The results of pre-election surveys, exit polls, and the Namfrel, Comelec and official Congress canvassing were consistent. Gloria Arroyo was victorious by substantial margins in all these tallies. As she did in the last few surveys before May 10, the President beat Poe in the four exit polls conducted by media (see table below):

Philippine Election Exit Polls, 2004


ABS-CBN/SWS

(4,627 respondents)

GMA7/AMA

(24,865)

Radio Veritas

(4,800)

DZRH

(20,000)

Arroyo

41%

39%

38.1%

36.8%

Poe

32%

29%

26.7%

31.7%

Arroyo eventually garnered about 40% of the vote in the Congress tally, which varies from nearly all surveys, exit polls and Namfrel’s quick count by less than the statistically significant three percentage points. The close numbers prompted some in the opposition to charge that the President’s K-4 coalition, the survey companies, and the media had conspired to rig the results. There is a simpler explanation: the survey and election results were the same because they all reflected the same sovereign choice of the electorate.

Philippine Presidential Election Results, 2004

Final Official Congressional Canvass

Candidate

Party

Votes won

% of total

Gloria Macapagal-Arroyo

Lakas-CMD

12,905,808

40.0%

Fernando Poe, Jr.

KNP

11,782,232

36.5%

Panfilo Lacson

LDP

3,510,080

10.9%

Raul Roco

AD

2,082,762

6.4%

Eduardo Villanueva

BPM

1,988,218

6.2%

Total valid votes cast


32,269,100

100.0%

NAMFREL Quick Count (based on 82.98% of precincts reported)

Candidate

Party

Votes won

% of total

Gloria Macapagal-Arroyo

Lakas-CMD

10,400,401

39.4%

Fernando Poe, Jr.

KNP

9,719,479

36.8%

Panfilo Lacson

LDP

2,818,704

10.7%

Raul Roco

AD

1,816,832

6.9%

Eduardo Villanueva

BPM

1,609,073

6.1%

Total valid votes cast


26,364,489

100.0%

A final set of numbers buttressing the President’s triumph and the consistency of results were the victories of most of her fellow candidates in the K-4 coalition. De Castro won with 49.8% of the vote in the Congress tally and 50.1% in Namfrel’s. With candidates for nearly all positions, K-4 captured close to 90% of the congressional, gubernatorial and mayoral positions. These overwhelming successes in districts, provinces, cities and municipalities nationwide could not but have helped the coalition’s presidential standard bearer to also garner big votes among most of those constituencies.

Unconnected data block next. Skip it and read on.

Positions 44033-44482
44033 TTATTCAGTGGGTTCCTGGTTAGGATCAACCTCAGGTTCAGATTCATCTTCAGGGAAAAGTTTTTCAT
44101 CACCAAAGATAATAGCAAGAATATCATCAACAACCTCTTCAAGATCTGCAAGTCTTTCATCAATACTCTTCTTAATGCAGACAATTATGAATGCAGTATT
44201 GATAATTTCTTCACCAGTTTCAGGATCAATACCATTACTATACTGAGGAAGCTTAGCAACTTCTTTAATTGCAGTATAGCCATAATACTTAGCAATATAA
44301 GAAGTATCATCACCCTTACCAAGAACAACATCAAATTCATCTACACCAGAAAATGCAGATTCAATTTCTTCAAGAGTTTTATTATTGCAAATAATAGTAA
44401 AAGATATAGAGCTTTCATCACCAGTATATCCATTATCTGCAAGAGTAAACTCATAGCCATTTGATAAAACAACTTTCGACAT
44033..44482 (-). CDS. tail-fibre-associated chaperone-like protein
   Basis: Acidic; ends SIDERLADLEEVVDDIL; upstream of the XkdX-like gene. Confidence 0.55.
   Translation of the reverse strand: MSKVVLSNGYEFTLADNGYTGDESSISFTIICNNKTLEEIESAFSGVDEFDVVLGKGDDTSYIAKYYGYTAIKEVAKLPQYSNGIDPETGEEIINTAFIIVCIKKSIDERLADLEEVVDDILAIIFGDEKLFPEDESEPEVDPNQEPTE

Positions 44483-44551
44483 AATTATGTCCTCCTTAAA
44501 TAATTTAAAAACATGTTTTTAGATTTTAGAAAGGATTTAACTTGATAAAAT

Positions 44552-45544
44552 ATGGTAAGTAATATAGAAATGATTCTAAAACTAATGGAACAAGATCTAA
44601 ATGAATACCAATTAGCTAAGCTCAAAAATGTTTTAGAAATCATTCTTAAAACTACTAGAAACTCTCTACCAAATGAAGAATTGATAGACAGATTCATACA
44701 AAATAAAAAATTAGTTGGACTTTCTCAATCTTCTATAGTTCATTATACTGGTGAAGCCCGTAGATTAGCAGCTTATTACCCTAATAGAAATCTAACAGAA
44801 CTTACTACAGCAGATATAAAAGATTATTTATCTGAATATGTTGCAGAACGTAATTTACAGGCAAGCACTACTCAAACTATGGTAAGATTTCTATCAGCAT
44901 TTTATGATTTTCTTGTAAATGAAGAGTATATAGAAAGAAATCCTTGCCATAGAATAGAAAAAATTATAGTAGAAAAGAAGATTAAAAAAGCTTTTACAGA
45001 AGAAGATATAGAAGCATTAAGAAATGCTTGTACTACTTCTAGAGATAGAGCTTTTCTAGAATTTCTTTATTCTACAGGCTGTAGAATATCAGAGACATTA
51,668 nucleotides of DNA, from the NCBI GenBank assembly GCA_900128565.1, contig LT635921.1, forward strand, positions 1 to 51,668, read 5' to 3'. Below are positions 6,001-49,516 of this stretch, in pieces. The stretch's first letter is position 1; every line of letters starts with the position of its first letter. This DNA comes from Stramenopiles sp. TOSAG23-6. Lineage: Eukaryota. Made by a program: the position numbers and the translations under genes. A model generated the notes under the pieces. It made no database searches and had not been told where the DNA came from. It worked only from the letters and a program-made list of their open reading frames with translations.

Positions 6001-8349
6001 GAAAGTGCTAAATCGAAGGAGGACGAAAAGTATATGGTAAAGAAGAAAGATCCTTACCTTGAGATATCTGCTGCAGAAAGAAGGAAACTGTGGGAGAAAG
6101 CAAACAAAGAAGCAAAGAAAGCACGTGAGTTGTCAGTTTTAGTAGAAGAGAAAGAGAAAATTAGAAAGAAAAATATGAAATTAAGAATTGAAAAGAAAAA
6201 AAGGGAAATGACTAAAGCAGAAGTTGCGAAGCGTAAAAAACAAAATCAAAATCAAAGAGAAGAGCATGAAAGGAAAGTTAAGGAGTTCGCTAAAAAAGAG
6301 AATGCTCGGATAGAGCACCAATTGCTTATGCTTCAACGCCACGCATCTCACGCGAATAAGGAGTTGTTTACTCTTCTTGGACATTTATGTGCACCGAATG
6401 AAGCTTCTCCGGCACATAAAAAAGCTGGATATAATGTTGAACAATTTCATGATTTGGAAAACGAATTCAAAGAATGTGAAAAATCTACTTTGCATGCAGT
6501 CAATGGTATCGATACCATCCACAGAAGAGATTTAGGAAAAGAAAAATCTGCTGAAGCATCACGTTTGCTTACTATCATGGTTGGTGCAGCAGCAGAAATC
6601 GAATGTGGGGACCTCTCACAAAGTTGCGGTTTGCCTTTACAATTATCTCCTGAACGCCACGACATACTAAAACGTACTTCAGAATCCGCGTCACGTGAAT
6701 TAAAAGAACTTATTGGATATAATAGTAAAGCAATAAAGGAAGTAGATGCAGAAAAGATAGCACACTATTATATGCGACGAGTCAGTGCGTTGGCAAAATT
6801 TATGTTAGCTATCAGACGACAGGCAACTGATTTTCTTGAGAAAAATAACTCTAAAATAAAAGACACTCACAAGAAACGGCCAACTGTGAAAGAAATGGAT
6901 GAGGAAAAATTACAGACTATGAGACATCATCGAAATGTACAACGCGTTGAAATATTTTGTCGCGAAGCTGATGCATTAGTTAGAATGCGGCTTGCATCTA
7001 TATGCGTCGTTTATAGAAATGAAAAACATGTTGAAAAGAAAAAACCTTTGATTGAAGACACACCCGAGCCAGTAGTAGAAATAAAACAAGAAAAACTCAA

The K-4 Landslide


Positions

Won by K-4

Share of total

VP

1

1

100%

Senators

12

7

58%

Congressmen

210

182

87%

Governors

79

67

85%

City Mayors

117

102

87%

Mayors

1,493

1,278

86%

The Protests. No Philippine election is complete without charges of vote-buying, count-rigging, intimidation and violence hurled by the losers against the winners. In the 2004 presidential races, the protests reached fever pitch during the nationally televised canvassing of votes in Congress using 176 Certificates of Canvass (CoCs) containing tallies from provinces, cities, and special voting centers here and abroad.

Any political party worth its salt can dig up evidence of counting irregularities, especially in an election with more than 32 million votes tabulated by hand in 216,725 precincts late into the night and the following morning, then transported across vast distances to provincial capitols and city and municipal halls, and finally sent as CoCs to Congress and the Commission on Elections (Comelec) in Manila for national canvassing.

Claiming massive fraud, Poe’s Koalisyon ng Nagkakaisang Pilipino (KNP) and the Bangon Pilipino Movement (BPM) of Eddie Villanueva demanded the opening of ballot boxes to check CoCs against statements of votes (SoVs) and election returns (ERs). KNP listed 25 tallies it wanted reviewed. Rebuffed, it asked that only three or even just one CoC be recalculated based on SoVs and ERs, just to see if there was major cheating.

The demand put Administration congressmen in a bind. If they refused to break with the decades-old constitutionally mandated practice of canvassing only the COCs after verification with copies held by contending parties, then the opposition would charge and many people would think that K-4 was hiding irregularities.

On the other hand, if Congress agreed to check even one CoC at KNP’s request, it would have to do the same for other parties. K-4 would feel compelled to come up with its own list of suspect CoCs, if only to show that any fraud it was accused of was offset by the opposition’s own cheating. No doubt too, each SoV and ER would have been fiercely contested, with countless witnesses paraded in the Batasan to affirm or dispute anomalies.